We arrive in Doha and learn a few disturbing details. First, we find that the one piece of luggage we have en route has already left for Delhi. But wait - I thought "there [was] no flight to Delhi" until Sunday! We also learn that we have a ten-hour layover. At this point, we're hungry and very tired, so we think it best to find the Royal Jordanian representative we were instructed to find and put in a claim for food and lodging. Of course, no one is present. We speak with an airport administrator, who manages to find a contact number for Royal Jordanian within Qatar. We phone 9-4658383 and then 9-4622055. One was a fax number. On the other line, we got through to a representative. At first, he refused to help us with our connecting flights. We would have to talk to the Royal Jordanian representative in Delhi to do that. My husband asked for his word that someone would be present at the Royal Jordanian office. The individual we were speaking with assured us that in fact someone would be there to help us. He also stated that neither lodging nor food will be provided while in Doha. Great, we'll just have to go hungry and continue without sleep.
It's December 23, 2007, and we're finally in India. We get off the plane and prepare to find a Royal Jordanian representative. We find the office and knock on the door. Knock again - and again. No answer. We find the administrator's office, only to learn that Royal Jordanian doesn't operate customer service in Delhi on Sundays. We're stranded and can't even claim our forwarded luggage. Now we're desperate. We decide the best thing to do would be to speak with Jet Airways. Maybe they would allow an exchange of our two-day old, unused tickets. It was a long shot, but it worked (THANK YOU JET AIRWAYS).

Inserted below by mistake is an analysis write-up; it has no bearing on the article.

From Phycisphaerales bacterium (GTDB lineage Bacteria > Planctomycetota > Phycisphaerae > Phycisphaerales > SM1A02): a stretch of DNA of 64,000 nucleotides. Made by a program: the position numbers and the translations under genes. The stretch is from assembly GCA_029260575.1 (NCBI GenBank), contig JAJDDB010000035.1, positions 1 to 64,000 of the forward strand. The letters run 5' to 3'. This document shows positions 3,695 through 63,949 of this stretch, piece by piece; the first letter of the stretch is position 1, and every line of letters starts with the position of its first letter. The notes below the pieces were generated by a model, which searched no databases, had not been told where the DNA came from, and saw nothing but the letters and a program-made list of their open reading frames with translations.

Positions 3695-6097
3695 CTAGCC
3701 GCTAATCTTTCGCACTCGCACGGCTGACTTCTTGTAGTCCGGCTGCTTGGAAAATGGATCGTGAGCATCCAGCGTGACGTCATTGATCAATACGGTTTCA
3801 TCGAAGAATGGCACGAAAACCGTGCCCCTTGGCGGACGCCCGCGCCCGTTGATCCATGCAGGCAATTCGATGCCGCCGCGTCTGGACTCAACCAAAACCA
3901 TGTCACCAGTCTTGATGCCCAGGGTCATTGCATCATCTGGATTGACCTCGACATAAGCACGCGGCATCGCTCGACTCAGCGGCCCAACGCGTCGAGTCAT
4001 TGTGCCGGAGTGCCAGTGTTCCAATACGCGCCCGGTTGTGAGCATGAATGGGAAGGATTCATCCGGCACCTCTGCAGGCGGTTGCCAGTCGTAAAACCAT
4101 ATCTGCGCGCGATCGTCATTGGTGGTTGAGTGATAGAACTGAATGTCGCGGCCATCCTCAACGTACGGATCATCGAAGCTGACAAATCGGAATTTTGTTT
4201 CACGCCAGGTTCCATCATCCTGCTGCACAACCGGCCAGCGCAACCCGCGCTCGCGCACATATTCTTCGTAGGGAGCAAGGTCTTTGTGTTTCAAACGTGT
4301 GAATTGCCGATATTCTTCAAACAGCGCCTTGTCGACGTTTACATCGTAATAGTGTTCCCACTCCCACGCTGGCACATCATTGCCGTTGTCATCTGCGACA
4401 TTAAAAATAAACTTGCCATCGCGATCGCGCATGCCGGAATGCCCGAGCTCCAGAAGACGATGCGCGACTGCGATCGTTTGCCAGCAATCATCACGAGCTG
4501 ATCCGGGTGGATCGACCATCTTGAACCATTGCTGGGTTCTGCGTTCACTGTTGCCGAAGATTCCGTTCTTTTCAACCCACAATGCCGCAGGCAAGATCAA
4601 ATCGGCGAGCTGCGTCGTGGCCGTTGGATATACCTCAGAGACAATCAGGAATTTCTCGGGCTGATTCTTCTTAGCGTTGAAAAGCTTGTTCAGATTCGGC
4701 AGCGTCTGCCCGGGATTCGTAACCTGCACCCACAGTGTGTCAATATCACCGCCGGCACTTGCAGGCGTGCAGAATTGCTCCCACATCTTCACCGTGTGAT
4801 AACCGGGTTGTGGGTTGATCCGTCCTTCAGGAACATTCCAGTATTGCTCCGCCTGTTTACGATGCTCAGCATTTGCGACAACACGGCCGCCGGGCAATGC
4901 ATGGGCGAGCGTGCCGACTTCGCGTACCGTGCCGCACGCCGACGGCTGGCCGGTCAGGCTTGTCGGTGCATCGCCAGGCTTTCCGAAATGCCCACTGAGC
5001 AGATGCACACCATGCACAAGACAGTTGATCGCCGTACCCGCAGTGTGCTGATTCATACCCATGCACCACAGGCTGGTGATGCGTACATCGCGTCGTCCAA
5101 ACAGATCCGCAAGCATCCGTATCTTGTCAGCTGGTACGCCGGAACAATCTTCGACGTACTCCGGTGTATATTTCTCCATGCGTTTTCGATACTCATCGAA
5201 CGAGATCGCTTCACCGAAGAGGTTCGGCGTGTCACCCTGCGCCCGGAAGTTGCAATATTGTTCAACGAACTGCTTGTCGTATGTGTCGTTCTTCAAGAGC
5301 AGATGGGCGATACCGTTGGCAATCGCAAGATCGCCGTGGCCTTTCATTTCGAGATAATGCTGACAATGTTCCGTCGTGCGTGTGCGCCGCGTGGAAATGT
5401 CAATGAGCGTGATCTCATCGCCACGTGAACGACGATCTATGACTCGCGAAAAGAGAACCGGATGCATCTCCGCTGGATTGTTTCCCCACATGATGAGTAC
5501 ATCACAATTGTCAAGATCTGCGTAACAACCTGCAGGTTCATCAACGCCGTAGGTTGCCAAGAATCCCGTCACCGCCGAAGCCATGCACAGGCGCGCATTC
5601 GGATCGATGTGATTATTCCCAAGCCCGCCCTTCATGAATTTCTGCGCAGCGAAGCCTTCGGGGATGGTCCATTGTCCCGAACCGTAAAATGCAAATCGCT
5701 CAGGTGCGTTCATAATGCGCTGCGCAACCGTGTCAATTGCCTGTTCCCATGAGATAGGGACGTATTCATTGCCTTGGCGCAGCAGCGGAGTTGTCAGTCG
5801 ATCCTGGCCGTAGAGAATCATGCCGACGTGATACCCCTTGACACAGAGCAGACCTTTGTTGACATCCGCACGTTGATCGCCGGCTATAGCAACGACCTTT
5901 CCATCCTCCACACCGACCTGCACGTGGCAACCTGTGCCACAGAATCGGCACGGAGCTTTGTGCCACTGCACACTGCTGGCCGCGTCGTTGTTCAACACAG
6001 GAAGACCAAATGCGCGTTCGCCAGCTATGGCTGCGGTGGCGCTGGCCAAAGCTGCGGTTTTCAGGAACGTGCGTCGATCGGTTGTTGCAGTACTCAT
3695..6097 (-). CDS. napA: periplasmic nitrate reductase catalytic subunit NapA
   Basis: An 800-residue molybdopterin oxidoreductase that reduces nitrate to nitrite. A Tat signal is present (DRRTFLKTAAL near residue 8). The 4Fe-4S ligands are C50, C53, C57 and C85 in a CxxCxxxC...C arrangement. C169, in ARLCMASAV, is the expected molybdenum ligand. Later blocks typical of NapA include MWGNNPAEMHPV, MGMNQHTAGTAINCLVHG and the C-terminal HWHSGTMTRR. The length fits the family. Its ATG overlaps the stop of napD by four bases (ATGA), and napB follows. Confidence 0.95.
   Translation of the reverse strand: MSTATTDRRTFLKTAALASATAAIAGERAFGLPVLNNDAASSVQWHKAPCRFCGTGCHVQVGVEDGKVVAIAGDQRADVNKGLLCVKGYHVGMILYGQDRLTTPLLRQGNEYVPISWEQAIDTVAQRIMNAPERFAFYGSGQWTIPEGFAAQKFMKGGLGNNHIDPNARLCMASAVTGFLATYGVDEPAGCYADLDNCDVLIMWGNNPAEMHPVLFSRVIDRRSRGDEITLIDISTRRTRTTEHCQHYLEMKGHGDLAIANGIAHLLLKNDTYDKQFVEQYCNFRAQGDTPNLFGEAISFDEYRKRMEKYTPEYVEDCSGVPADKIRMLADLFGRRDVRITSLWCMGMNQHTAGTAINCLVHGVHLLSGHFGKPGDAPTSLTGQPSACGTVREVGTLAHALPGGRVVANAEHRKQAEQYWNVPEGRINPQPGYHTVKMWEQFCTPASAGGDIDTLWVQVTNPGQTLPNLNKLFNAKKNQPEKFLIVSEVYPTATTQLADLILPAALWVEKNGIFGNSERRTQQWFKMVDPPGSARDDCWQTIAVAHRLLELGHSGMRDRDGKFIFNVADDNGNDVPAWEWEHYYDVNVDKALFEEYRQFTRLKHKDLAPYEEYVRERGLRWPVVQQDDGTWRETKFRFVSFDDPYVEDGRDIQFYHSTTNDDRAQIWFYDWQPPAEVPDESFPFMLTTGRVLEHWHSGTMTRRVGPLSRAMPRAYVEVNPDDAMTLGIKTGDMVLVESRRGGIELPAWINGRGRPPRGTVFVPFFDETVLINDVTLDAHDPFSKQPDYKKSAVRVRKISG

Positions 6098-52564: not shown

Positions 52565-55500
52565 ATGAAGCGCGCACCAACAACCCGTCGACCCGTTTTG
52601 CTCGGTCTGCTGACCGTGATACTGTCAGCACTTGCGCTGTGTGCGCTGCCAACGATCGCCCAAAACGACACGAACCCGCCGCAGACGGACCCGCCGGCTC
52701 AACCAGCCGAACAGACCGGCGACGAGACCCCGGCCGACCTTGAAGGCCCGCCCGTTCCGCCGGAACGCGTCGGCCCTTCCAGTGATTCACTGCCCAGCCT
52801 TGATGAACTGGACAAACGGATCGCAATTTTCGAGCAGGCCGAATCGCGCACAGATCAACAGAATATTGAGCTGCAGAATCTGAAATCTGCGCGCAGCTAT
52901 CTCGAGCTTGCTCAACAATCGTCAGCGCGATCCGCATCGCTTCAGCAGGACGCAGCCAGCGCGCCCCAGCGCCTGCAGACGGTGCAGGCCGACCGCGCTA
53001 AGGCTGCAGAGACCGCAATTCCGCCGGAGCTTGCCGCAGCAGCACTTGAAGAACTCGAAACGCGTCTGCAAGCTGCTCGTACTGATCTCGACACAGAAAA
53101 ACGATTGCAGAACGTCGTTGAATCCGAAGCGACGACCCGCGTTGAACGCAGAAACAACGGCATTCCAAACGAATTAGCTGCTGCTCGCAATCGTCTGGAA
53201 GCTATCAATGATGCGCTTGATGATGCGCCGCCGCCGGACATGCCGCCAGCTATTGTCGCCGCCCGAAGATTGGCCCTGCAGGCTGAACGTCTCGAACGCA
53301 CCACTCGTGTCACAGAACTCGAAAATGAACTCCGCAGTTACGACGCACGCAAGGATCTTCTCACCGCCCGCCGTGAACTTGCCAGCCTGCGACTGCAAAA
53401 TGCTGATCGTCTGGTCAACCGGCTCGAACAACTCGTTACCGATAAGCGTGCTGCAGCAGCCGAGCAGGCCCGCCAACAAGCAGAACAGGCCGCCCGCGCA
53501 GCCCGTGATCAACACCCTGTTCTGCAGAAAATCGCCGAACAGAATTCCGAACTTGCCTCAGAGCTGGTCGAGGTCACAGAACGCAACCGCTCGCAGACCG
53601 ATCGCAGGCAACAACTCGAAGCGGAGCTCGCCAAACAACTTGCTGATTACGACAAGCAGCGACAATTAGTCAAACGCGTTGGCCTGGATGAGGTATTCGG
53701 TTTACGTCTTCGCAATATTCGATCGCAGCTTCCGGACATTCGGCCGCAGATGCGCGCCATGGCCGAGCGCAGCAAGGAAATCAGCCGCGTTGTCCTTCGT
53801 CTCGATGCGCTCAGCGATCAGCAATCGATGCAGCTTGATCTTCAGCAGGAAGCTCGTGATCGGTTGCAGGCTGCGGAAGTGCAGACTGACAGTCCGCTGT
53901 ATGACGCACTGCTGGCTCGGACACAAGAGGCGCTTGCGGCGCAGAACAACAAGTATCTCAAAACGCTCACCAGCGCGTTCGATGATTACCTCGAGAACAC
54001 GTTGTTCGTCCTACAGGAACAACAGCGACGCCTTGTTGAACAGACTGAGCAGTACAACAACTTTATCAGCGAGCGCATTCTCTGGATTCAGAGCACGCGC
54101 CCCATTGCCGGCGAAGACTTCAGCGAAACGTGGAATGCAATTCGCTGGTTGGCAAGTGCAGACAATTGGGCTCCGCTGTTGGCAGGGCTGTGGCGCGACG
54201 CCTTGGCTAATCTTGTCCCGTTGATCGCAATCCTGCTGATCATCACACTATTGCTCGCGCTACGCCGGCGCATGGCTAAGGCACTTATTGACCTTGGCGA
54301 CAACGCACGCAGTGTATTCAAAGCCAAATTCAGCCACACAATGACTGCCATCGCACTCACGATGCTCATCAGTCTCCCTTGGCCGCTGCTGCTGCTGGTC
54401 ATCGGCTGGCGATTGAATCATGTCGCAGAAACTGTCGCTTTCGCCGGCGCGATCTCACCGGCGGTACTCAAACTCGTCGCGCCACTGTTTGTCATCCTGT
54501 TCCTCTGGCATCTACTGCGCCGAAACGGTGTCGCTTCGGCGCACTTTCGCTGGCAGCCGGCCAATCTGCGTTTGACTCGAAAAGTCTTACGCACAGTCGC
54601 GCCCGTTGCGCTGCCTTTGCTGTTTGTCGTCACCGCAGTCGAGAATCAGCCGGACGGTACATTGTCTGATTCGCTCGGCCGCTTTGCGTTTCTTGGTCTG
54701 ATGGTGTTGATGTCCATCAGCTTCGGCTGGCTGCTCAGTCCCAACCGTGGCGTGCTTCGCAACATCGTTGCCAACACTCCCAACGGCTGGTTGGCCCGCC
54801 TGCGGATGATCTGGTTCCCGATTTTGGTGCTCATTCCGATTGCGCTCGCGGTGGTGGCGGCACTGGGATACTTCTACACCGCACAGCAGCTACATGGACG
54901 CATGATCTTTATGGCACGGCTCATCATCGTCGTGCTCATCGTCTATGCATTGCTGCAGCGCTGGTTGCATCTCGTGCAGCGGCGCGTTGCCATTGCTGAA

After twenty-five hours in the Delhi Airport (again, no lodging or food thanks to Royal Jordanian's continued absence) and two hours in Mumbai, we reach Trivandrum on December 24, 2007, two days late. We're tired, aggravated, and without any luggage. Lesson - never fly Royal Jordanian!
Amman on an English version of a street plan from the Royal Jordanian Geographic Centre, ... more